Two Sisters in Warsaw Ghetto
“And I remember my father saying that when he saw us he was afraid to touch us. He was afraid to touch us because we looked so frail.”
– Anne Levy
The sisters Anne Levy and Lila Millen were in two ghettos. They were in the Lodz ghetto for several months and in the Warsaw ghetto for two and a half years. When the gates of the Warsaw ghetto swung closed on November 14, 1940, sealing the fate of so many, Anne was 6 years old, and Lila turned 3 the next day. For 18 months their mother Ruth was the sole guardian. Their father Mark was trapped on the Soviet side of the new border. Even with the packages of food he sent them, Ruth and the girls were on the verge of starvation.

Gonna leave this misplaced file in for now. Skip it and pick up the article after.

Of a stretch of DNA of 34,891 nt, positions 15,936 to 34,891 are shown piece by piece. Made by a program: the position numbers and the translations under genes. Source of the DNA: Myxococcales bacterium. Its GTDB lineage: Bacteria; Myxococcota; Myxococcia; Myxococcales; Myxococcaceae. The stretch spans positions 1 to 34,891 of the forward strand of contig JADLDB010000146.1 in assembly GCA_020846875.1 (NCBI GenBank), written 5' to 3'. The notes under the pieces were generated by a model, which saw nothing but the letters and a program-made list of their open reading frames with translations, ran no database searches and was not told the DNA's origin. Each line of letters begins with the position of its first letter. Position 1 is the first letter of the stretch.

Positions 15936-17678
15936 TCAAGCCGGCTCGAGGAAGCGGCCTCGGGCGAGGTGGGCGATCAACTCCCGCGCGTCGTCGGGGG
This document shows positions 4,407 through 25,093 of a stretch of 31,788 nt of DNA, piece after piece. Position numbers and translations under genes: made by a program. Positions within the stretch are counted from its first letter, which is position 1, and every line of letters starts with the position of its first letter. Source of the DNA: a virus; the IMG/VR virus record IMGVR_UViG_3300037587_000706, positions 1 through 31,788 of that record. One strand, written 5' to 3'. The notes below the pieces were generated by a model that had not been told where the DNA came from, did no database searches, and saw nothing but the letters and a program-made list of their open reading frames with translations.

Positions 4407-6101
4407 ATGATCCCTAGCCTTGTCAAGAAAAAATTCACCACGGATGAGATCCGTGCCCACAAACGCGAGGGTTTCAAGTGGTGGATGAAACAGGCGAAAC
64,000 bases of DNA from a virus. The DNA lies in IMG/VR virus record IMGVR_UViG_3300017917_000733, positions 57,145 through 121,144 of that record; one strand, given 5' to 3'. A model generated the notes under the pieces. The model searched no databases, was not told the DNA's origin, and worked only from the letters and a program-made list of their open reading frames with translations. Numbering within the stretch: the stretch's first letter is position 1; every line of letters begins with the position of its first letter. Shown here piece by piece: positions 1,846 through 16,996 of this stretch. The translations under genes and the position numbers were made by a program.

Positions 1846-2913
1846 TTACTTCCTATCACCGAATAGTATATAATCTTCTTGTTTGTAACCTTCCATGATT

Anne and Lila have vivid memories of the ghetto, and certainly of the fateful Saturday in December 1941 when Mark knocked on the door and re-entered their lives. They hadn’t seen him since September 1939. The deportations to Treblinka began 7 months later, on July 23, 1942. Anne turned 7 earlier that month. Lila would be 5 in November. Both the sisters give us accounts of hiding in the “vegetable bin,” under a stack of wooden soles, and in a basement. Ruth and girls were smuggled out of the ghetto in January 1943, beginning a life “passing” on the Aryan side. Mark followed eight days later.